What’s on TV Friday: ‘Dolly Parton’s Heartstrings’ and a New Comedy

What’s on TV Friday: ‘Dolly Parton’s Heartstrings’ and a New Comedy

DOLLY PARTON’S HEARTSTRINGS (2019) Stream on Netflix. “Songs: they’re just stories put to music,” Dolly Parton said in the trailer for “Dolly Parton’s Heartstrings,” a scripted anthology series inspired by her music. Parton is an executive producer of the show, which features eight of her songs, including favorites like “Jolene,” “Two Doors Down” and “If I Had Wings.” For each song, an individual narrative is drawn and added to the series, which stars Julianne Hough, Kimberly Williams-Paisley and Ginnifer Goodwin, among others. “Much of her music is grounded by an authentic sense of insecurity that she’s worked hard to overcome,” Lindsay Zoladz wrote of Parton in The New York Times. “She’s not a one-dimensional paper Dolly. She has bled.”

BRITTANY RUNS A MARATHON (2019) Stream on Amazon. This comedy follows the success story of Brittany, a 27-year-old party girl who feels her life is getting away from her. When Brittany, who is played by Jillian Bell, visits her doctor in search of an Adderall prescription, she instead receives a suggestion to abandon her unhealthy lifestyle and lose 55 pounds. Deterred by a gym membership fee, Brittany instead decides to train for the New York City Marathon. Paul Downs Colaizzo directs this feel-good film with a heavy focus on physical health and not the character’s low self-esteem. “Brittany’s kneejerk self-deprecation often feels punishing not only to the character but also to the audience,” Teo Bugbee wrote in her review for The Times, adding that Bell “is working within the framework of a story that seems hellbent on robbing her character of joy.”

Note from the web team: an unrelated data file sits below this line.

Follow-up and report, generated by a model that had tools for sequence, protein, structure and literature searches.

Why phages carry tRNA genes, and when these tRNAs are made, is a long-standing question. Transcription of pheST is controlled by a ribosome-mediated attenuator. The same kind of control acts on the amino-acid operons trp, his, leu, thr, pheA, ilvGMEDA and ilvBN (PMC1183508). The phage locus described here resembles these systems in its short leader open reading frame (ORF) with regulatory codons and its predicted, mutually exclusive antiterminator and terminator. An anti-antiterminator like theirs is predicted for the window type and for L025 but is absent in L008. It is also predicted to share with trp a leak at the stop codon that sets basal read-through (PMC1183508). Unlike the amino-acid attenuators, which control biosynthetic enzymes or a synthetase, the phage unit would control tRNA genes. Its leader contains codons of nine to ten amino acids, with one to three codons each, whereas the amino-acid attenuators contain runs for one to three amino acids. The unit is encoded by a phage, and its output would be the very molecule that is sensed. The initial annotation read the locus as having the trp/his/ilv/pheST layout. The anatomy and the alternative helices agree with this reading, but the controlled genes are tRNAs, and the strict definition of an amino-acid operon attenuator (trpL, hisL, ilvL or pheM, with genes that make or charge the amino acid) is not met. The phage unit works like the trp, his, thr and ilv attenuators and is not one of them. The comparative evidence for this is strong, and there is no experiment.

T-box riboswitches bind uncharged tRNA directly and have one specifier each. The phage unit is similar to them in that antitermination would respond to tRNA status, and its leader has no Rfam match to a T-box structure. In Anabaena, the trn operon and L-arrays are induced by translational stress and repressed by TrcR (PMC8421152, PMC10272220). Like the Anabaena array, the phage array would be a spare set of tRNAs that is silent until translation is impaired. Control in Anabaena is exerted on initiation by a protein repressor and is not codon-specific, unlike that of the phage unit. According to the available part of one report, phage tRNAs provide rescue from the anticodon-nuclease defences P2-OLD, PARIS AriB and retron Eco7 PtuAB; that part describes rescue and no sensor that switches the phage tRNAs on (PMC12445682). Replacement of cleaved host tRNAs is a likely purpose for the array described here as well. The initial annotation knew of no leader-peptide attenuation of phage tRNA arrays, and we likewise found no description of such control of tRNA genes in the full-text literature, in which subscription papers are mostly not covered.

VITA & VIRGINIA (2019) Stream on Hulu; Rent on Amazon, Google Play, Vudu and YouTube. Inspired by a true romance and a 1994 stage play, “Vita & Virginia” tells the story of two brilliant writers: Virginia Woolf (Elizabeth Debicki) and the socialite who pursues a relationship with her, Vita Sackville-West (Gemma Arterton). Their scandalous romance, recorded through the 20 years’ worth of letters they sent to each other, incited upset from Vita’s mother, as well as both of their husbands. Despite Vita and Virginia’s real-life passion, “the movie feels muted and joyless and almost suffocatingly well-appointed,” Jeannette Catsoulis wrote in her review for The Times.

COMEDY CENTRAL STAND-UP PRESENTS 11 p.m. on Comedy Central. Charles Gould and Sara Schaefer headline the two-part season finale of this Comedy Central series. Gould, who was named a “Comic to Watch” by Comedy Central in 2015, goes first. He explains the formula of how to win or lose a breakup, including the deep internet hole the loser falls into when obsessing over an ex’s new partner. Schaefer, a former MTV late night show host, follows in her own episode at 11:30 p.m. She pins the decline of civilization on a new trend — specifically, the inspirational quotes written on driftwood that serve as home décor. The series, which is closing out its third season, has recently featured the comedians Jaboukie Young-White and Dulce Sloan in their own episodes.

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